The hyper-focused obsession with dominance and control is, according to many psychoanalysts, symptomatic of a deep-rooted fear of spontaneous self-expression (notably of repressed emotions), in short, of psychological “freedom” in its most general sense. Conflicted human relations, however ambivalent and nuanced, are reduced to technically-solvable “problems.” Rigidly willful, inflexible, detailed-obsessed, the techno-scientific “control freak” — as we say colloquially — may ultimately fear “the impulses and emotions within…himself. Unconsciously he fears that if they should get out of control, terrible things might happen, murder perhaps. So on the one hand he keeps himself under tight control, and on the other hand he projects this intrapsychic drama on the world and tries to control it.”
"Language exists to express and communicate," writes Roy F. Baumeister in Evil, Inside Human Violence and Cruelty, "but perpetrators reluctant to face up to their guilt often find ways to use language to conceal, confuse, and mislead." It is a process that begins with the words themselves. But then perpetrators play endless games with words to try and present the shocking and horrific as mundane and ordinary, and to confuse the public while hiding their crimes and sickening intentions so as to alleviate their guilt.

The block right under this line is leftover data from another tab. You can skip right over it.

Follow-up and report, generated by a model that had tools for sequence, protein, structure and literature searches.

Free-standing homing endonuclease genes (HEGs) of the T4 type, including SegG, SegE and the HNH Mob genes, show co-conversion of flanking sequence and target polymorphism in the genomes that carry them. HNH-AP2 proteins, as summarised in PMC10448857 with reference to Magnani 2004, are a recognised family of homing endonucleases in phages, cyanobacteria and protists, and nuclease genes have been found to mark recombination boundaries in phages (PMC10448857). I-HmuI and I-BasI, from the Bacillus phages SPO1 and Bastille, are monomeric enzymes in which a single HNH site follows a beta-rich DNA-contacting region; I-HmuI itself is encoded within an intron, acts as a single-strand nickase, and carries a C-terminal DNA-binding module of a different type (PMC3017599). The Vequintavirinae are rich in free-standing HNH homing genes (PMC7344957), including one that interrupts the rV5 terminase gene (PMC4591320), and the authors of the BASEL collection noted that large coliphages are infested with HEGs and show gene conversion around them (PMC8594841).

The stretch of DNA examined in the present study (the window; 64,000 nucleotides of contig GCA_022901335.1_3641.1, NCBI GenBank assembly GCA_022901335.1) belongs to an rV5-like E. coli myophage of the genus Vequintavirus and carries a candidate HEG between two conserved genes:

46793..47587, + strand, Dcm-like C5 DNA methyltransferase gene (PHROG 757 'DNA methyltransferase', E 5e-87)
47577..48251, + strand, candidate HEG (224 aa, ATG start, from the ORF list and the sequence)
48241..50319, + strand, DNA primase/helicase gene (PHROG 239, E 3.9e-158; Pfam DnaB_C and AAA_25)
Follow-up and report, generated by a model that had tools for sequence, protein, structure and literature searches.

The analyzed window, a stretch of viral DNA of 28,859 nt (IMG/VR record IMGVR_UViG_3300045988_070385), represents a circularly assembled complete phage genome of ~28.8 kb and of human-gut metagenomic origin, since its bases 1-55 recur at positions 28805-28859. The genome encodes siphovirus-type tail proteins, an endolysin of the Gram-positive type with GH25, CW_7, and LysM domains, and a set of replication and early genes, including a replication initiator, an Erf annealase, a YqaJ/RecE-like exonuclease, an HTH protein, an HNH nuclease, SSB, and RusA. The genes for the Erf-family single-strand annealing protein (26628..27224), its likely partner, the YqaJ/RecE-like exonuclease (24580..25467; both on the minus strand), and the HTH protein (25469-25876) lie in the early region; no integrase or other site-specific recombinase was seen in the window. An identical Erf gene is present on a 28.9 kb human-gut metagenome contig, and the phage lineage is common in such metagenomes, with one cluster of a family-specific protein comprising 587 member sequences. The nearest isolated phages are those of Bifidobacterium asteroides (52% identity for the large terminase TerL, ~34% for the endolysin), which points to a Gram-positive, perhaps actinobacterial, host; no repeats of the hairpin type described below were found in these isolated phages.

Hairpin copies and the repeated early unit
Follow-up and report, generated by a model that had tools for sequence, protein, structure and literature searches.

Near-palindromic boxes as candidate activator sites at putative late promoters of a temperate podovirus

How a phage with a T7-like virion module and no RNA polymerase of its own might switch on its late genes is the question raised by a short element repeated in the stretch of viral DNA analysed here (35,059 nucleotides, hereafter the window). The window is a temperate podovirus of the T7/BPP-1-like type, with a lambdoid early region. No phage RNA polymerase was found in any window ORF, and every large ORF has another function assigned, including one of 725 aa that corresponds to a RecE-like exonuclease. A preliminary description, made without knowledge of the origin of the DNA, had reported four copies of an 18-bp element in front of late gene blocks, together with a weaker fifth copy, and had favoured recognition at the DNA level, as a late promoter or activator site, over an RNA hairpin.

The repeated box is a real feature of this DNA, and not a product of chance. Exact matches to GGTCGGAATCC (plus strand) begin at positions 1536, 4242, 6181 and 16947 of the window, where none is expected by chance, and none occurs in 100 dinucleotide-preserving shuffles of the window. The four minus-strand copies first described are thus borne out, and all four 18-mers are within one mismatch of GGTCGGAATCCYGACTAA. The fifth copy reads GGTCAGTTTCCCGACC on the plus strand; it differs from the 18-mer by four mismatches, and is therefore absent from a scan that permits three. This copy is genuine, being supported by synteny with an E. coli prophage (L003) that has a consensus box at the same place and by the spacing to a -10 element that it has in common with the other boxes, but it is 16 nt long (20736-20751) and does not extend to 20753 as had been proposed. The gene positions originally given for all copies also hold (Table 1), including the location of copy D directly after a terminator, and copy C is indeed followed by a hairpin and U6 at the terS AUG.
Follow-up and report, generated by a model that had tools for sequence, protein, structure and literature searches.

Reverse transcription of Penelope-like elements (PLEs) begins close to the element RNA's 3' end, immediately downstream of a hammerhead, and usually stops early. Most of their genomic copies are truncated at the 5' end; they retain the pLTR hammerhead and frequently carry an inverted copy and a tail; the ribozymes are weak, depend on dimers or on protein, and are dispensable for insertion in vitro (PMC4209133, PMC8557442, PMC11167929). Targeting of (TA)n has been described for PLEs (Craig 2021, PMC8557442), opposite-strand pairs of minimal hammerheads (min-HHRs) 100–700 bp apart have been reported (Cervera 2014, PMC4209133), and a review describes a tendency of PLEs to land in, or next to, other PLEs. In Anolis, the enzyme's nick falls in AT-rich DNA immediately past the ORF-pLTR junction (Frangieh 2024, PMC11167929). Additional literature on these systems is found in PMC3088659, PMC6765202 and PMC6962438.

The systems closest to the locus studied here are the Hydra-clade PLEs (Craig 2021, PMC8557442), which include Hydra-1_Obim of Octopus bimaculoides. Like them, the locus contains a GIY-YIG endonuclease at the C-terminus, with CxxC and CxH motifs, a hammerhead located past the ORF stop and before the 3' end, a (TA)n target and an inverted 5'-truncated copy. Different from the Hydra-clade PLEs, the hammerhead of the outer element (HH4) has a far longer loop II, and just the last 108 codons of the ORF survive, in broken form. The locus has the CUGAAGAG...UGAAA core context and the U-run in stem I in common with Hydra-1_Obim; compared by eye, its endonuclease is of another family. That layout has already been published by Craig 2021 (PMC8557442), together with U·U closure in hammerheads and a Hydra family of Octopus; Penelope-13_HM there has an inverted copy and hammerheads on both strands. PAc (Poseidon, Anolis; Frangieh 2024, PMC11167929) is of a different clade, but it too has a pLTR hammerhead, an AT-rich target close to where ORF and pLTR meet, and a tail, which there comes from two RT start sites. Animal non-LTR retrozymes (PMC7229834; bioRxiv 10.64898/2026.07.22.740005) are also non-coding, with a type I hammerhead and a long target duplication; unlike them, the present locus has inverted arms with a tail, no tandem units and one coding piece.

Right now, my son is grinding stale Cheerios into a fine powder with the bottom of his sippy cup. He is also mushing banana into water he has poured on his tray to make a nice pudding that he will no doubt pour on the floor. Welcome to the toddler trattoria. In my dreams, I prepare him attractive, palate-expanding, age-appropriate (but slightly over the top) organic meals like mini spanakopitas and roasted carrot wedges, which he eats with gusto and good hand-eye coordination.
If one is inclined to make a list of worrisome trouble spots plaguing the world, there would be a lot to choose from: Syria, Egypt, Israel/Palestine, Bahrain, Yemen, Somalia, Sudan, Kashmir, Congo, Iran, those pesky disputed islands lying between China, Japan and the Philippines, and of course, the meddlesome behavior of the United States. I apologize if I inadvertently left out anyone’s favorite trouble spot.